An easy-to-use multi-head octave echo with solid foundational delay tones and weirdness on tap.

Deceptively deep but easy to use. Great for every day delay tones and deep freakouts.

Glitch and warp settings could get same-y over time.


SolidGoldFX EM-III Multi-Head Octave Echo


The EM-III from SolidGoldFX starts with a foundation of warm, analog-like digital delay and builds a bevy of functionality on top. It's a powerful pedal, and thanks to a simple and well-considered set of controls, it's intuitive and practical too.

The basic delay sound is easily controlled via time, repeat, and level controls, while flutter and color knobs allow users to tweak modulation and tone settings. Switching the center toggle to the left selects up to three delay heads; switching to the right activates the pedal's octave-down setting. With these controls, it's easy to access solid, foundational delay tones or head for totally twisted, but controlled, sonic space.

The self-oscillation and tape-snap sounds should be considered a requirement for any "Maggot Brain" cover you have in the works.

The EM-III's secret personality is unleashed by holding down the bypass and tap switches, which have secondary functionality for glitch and warp respectively. The self-oscillation and tape-snap sounds contained in these switches can be as weird or as subtle as you want, depending on how long you hold them down, and should be considered a requirement for any "Maggot Brain" cover you have in the works. The EM-III is a heavy hitter with a heart of gold, tons of personality, and all the warbly bliss you can imagine.

SolidGoldFX EM-III Multi-Head Octave Echo Demo - First Look

Rig Rundown: Adam Shoenfeld

Whether in the studio or on solo gigs, the Nashville session-guitar star holds a lotta cards, with guitars and amps for everything he’s dealt.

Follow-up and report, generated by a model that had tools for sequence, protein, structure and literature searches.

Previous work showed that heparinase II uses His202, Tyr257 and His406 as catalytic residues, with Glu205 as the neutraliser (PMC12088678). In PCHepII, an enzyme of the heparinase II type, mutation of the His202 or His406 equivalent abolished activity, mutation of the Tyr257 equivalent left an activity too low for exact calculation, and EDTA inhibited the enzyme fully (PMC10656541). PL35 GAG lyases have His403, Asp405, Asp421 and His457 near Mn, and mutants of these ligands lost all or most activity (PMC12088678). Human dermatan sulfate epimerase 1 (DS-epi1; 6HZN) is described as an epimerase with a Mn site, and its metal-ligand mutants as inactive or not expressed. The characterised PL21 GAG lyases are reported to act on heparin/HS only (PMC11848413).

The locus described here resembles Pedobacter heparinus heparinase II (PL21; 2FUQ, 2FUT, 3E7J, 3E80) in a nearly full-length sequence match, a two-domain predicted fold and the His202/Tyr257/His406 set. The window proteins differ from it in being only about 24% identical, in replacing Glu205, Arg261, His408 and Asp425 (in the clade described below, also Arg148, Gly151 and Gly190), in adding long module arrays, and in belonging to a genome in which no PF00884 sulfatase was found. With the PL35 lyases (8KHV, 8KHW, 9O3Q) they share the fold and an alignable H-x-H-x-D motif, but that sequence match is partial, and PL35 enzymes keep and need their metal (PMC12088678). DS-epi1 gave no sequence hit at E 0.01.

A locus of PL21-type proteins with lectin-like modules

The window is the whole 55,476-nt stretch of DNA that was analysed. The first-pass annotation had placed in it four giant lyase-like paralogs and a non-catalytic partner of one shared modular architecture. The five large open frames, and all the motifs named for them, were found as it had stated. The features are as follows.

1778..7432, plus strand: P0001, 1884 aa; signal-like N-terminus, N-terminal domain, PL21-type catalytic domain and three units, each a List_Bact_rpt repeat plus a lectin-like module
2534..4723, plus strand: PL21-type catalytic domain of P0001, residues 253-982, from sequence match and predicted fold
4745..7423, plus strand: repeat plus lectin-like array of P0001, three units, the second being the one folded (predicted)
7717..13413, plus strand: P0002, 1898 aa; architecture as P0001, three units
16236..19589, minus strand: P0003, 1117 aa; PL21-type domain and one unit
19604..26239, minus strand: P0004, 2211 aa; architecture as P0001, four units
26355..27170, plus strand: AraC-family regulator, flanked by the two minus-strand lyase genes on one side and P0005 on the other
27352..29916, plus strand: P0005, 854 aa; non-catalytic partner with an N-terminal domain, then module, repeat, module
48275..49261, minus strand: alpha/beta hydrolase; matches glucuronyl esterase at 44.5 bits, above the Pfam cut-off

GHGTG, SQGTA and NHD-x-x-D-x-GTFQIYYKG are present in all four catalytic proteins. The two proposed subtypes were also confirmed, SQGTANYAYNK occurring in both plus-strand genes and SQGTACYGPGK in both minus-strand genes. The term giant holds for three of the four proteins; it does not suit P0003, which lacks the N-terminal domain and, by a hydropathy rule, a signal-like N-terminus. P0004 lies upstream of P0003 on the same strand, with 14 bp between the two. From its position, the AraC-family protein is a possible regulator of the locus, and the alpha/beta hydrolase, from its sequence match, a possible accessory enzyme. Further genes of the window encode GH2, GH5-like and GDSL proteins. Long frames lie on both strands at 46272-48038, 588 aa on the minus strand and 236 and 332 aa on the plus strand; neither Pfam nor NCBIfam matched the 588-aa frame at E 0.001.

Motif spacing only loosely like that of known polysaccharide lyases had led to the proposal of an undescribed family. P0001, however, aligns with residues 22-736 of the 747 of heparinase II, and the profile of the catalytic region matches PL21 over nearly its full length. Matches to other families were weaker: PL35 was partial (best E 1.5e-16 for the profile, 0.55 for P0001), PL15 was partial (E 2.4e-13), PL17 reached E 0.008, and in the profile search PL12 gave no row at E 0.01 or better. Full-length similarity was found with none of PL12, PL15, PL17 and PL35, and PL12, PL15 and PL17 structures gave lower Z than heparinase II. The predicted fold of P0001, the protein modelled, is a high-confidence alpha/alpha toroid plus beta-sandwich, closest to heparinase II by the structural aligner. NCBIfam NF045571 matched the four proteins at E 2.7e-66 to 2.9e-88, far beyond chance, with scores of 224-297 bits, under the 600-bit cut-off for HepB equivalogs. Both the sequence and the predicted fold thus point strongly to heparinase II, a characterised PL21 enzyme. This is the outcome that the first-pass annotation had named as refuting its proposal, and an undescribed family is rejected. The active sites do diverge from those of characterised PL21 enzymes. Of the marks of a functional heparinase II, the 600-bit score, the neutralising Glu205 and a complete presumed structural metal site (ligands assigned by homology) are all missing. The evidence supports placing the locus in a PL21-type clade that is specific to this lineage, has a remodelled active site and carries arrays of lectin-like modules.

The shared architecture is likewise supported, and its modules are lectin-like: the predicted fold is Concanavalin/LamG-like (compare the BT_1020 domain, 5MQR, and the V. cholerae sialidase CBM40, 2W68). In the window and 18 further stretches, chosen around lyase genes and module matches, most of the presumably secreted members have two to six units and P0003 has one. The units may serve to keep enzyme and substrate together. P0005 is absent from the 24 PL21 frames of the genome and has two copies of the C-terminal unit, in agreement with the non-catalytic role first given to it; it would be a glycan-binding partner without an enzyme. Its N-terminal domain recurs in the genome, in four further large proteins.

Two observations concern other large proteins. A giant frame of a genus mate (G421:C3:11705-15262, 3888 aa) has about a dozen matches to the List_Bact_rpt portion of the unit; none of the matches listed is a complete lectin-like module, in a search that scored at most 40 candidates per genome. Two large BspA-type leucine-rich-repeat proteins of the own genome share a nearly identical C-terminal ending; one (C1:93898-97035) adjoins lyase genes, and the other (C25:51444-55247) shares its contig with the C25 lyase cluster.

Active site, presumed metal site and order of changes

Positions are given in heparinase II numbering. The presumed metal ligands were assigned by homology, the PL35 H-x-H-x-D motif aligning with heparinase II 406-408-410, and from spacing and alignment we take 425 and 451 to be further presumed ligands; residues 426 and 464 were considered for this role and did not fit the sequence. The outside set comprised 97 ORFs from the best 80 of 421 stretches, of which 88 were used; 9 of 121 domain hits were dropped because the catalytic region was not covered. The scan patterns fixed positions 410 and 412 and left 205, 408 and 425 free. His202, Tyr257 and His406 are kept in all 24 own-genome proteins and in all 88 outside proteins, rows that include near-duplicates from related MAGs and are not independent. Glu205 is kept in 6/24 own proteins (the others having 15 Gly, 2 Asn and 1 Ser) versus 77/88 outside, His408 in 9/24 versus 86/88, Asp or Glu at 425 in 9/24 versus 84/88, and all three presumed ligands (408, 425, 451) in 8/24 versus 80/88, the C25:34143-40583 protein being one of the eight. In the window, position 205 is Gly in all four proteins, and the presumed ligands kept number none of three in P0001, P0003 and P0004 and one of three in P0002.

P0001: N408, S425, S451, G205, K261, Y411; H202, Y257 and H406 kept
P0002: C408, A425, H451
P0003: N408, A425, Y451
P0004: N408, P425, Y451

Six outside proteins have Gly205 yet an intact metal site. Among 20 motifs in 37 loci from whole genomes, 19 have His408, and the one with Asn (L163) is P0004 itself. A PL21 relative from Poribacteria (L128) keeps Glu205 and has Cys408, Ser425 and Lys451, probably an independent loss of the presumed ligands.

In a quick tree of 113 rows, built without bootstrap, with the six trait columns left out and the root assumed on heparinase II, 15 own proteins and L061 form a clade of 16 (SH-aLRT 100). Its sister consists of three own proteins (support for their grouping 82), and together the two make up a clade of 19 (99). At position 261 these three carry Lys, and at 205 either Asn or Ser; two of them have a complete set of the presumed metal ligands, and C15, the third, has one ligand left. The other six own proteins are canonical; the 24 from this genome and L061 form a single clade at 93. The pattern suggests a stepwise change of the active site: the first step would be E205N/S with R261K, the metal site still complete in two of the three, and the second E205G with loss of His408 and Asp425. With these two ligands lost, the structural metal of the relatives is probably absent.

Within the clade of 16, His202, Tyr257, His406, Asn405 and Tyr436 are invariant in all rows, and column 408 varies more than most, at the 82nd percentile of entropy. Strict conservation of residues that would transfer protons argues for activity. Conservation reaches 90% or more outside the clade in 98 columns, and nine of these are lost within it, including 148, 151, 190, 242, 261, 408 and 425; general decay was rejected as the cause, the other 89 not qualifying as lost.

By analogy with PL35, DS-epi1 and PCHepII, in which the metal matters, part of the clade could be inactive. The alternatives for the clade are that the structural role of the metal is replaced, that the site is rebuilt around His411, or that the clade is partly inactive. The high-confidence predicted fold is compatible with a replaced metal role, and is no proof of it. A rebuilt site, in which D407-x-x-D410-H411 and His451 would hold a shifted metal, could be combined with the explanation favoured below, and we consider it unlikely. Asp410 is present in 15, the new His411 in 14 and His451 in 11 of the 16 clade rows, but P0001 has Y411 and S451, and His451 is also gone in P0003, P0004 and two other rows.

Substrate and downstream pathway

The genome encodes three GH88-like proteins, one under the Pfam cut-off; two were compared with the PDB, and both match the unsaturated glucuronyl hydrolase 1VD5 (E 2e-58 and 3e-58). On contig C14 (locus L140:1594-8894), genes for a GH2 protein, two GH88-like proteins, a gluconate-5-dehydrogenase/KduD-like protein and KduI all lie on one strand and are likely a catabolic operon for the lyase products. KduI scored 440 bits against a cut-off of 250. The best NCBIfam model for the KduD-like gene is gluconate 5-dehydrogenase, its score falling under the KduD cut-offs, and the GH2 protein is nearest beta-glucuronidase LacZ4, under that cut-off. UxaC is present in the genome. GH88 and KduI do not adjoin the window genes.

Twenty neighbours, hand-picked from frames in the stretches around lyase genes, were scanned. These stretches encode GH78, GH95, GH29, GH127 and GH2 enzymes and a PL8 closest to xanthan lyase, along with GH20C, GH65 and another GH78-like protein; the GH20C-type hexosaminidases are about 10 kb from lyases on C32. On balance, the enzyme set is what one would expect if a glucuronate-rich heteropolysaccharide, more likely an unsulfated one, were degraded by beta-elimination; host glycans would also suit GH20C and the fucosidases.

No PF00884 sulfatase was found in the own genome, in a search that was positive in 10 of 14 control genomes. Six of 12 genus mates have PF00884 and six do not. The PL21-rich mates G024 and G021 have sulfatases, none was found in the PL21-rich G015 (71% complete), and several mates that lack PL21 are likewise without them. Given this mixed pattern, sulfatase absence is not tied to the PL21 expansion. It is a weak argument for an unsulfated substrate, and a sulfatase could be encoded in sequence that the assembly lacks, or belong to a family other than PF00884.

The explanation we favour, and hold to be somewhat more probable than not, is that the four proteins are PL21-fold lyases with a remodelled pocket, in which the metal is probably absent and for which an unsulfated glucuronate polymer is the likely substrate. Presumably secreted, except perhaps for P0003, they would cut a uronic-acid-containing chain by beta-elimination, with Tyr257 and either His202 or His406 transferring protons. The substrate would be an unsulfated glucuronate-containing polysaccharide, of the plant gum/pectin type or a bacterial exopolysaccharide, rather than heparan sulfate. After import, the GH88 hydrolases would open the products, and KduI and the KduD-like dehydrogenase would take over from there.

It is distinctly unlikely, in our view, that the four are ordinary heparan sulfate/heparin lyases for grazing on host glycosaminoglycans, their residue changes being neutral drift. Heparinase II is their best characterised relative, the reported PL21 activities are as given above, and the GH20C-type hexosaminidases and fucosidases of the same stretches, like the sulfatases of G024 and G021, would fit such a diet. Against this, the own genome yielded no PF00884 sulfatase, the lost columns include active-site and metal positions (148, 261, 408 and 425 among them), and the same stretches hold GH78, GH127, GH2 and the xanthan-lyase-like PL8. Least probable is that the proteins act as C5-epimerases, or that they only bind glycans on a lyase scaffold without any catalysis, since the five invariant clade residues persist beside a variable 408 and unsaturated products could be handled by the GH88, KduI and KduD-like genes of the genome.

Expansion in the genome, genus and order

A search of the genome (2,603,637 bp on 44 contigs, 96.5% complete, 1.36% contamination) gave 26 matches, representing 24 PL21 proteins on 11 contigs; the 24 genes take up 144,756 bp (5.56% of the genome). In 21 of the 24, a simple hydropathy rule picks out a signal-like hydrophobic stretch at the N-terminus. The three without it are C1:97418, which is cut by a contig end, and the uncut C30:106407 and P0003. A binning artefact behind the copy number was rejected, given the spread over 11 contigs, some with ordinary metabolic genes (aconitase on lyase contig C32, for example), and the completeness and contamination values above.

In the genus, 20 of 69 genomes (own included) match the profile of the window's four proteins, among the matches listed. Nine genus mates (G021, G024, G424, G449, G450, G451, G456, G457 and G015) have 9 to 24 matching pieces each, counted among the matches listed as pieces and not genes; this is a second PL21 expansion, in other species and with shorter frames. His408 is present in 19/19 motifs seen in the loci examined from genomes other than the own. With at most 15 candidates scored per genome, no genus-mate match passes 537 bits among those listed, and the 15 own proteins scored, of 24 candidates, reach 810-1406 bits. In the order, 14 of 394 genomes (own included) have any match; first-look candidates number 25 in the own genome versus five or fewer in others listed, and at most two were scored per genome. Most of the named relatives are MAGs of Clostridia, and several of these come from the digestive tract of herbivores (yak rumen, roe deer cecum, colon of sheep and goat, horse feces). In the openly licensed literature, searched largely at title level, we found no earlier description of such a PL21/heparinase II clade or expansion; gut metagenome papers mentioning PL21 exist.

Adam Shoenfeld has helped shape the tone of modern country guitar. How? Well, the Nashville-based session star, producer, and frontman has played on hundreds of albums and 45 No. 1 country hits, starting with Jason Aldean’s “Hicktown,” since 2005. Plus, he’s found time for several bands of his own as well as the first studio album under his own name, All the Birds Sing, which drops January 28.

Read More Show less

Diatonic sequences are powerful tools. Here’s how to use them wisely.



• Understand how to map out the neck in seven positions.
• Learn to combine legato and picking to create long phrases.
• Develop a smooth attack—even at high speeds.

{u'media': u'[rebelmouse-document-pdf 13574 site_id=20368559 original_filename="7Shred-Jan22.pdf"]', u'file_original_url': u'', u'type': u'pdf', u'id': 13574, u'media_html': u'7Shred-Jan22.pdf'}
Knowing how to function in different keys is crucial to improvising in any context. One path to fretboard mastery is learning how to move through positions across the neck. Even something as simple as a three-note-per-string major scale can offer loads of options when it’s time to step up and rip. I’m going to outline seven technical sequences, each one focusing on a position of a diatonic major scale. This should provide a fun workout for the fingers and hopefully inspire a few licks of your own.
Read More Show less